From Buffalo to Alaska, Washington to the Dry Tortugas, Vowell visits locations immortalized and influenced by the spilling of politically important blood, reporting as she goes with her trademark blend of wisecracking humor, remarkable honesty, and thought-provoking criticism. We learn about the jinx that was Robert Todd Lincoln (present at the assassinations of Presidents Lincoln, Garfield, and McKinley) and witness the politicking that went into the making of the Lincoln Memorial. The resulting narrative is much more than an entertaining and informative travelogue, it is the disturbing and fascinating story of how American death has been manipulated by popular culture, including literature, architecture, sculpture, and, the author's favorite, historical tourism.
Though the themes of loss and violence are explored and we make detours to see how the Republican Party became the Republican Party, there are lighter diversions into the lives of the three presidents and their assassins, including mummies, show tunes, mean-spirited totem poles, and a 19th-century biblical sex cult.
In Order of Appearance:
Conan O'Brien...Robert Todd Lincoln
Eric Bogosian...John Wilkes Booth
Stephen King...President Abraham Lincoln
Dave Eggers...Mike Ryan
Catherine Keener...Gretchen Worden
Jon Stewart...President James A. Garfield
Tony Kushner...John Humphrey Noyes
Brad Bird...Charles Guiteau & Emma Goldman
Daniel Handler...President William McKinley
Greg Giraldo...President Theodore Roosevelt
David Rakoff...Leon Czolgosz
©2005 Sarah Vowell; (P)2005 Simon & Schuster Inc. AUDIOWORKS is an imprint of Simon & Schuster Audio Division, Simon & Schuster, Inc.
"Vowell has a perspective on American history that is definitely funny." (School Library Journal)
"Wacky, weirdly enthralling....This is history at its most morbid and most fascinating and, fortunately, one needn't share Vowell's interest in the macabre to thoroughly enjoy this unusual tour." (Publishers Weekly)
"An engaging tour....Audiobook listeners get serious bang for their buck, including guest appearances by Stephen King (as Lincoln), Jon Stewart, Conan O'Brien, and Eric Bogosian, among others." (AudioFile)
Silicon Valley Dad, Lawyer and Tech Geek
Vowell's book is about her unusual obsession with trivia regarding the assasinations of Lincoln, Garfield and McKinley. She ironically self-depricates about how she has trouble finding an audience for her unusual trivia and how she is self-conscious in groups about her fascination with these historical events, alluding to a taboo about them. The irony is that the trivia is fascinating and the reader begins to understand her unusual obsession.
She does complain about our "current president" as she calls him, but it is limited and her criticism is light and funny. Only a true partisan would be offended by her witty criticisms. She makes an extended and interesting analogy between the current Iraq war and the Spanish American war, in which McKinley was involved.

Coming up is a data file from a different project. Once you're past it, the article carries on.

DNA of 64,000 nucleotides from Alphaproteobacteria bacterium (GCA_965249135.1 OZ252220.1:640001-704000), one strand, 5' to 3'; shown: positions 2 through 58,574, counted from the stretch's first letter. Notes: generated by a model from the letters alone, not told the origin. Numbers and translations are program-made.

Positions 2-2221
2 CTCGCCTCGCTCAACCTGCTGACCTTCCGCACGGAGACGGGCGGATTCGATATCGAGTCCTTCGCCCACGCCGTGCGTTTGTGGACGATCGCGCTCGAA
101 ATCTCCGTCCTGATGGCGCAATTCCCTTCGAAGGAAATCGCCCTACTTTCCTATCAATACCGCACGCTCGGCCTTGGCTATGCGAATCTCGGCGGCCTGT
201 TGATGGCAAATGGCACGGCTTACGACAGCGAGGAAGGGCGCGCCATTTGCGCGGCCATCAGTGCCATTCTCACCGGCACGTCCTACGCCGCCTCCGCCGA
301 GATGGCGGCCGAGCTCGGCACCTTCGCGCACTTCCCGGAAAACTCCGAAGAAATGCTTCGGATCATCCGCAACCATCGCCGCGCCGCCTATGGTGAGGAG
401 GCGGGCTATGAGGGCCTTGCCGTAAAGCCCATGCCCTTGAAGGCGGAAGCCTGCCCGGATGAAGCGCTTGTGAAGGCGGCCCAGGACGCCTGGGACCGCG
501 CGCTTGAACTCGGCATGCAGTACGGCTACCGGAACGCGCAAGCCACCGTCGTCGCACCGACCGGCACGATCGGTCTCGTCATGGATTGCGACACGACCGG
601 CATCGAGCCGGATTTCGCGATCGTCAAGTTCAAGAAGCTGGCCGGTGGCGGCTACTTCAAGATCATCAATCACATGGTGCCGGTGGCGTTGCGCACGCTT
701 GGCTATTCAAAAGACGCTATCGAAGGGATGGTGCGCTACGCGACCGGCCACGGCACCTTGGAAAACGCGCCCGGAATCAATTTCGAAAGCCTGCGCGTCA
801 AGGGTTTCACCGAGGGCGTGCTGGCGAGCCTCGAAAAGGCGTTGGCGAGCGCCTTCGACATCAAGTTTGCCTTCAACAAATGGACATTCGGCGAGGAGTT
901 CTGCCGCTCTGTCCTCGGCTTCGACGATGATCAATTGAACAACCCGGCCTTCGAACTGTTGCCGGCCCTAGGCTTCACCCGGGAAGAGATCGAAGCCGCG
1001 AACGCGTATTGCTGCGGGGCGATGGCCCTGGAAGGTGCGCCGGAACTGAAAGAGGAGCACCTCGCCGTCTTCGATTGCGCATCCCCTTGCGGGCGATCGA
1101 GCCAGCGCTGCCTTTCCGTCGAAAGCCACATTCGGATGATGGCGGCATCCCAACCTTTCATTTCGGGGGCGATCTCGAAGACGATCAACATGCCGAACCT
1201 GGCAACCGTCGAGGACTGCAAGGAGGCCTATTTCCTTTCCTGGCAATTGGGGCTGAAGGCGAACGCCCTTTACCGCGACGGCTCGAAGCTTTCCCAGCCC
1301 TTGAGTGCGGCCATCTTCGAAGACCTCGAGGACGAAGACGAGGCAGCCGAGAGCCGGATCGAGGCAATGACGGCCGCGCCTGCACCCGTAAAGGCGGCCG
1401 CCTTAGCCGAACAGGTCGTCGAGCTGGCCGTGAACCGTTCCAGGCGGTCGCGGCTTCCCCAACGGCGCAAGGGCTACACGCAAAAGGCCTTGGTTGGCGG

I found most interesting Vowell's discussions of the unusual utopian "free-love" Onieda community, of which Garfield's assasin was a member. Many of her other annecdotes were just as entertaining.
Both my husband and I listened to this book, as did our children when they were forced to in the car. Agreed, her delivery is a bit odd, and her voice takes a bit of getting used to, but I learned more US history (which says a lot, since that was my minor in university) from the 5 hours of this book than I learned in an entire university course. The depth of her knowledge on this topic is extensive, and her patriotism -- being defined as a true love for her country, not the flag-waving, blind devotion to AMERICA that the Right seems to define as the only "true" patriotism -- is undeniable. Her quirky humour kept me laughing, and the historical trivia kept me riveted through four or five straight days of commuting. I would recommend this to anyone who wants a different perspective on American history -- should be a hit with fans of Jon Stewart!
Likes any genre so long as it is done well.
I happen to like Sarah's voice, but if you've never heard it, you need to listen to the sample, as some peole find it jarring.
This is less a comedy than a very well researched, thoughtful history of three assasins of presidents. I really enjoyed it, and it had some humor to it.
I wish I could do 4.5 starts, because I reserve 5 for the absolute best.
I learned more about Lincoln, Garfield (who?) and McKinley than I ever imagined. The stories of the assassins themselves and their motives, backgrounds and post-shooting history was a step back into an Americana that possesses many surprising similarities to today's America.
Unfortunately, listening to the narrator's voice was so painful for me. I slugged through it with only one break to hear what was coming next because I was on a plane; if I had several breaks, I would've been tempted at any time to not continue, just to avoid that voice! Lisa Simpson-esque, full of awkward starts and stops and pauses -- DEFINITELY listen to the sample first (I didn't).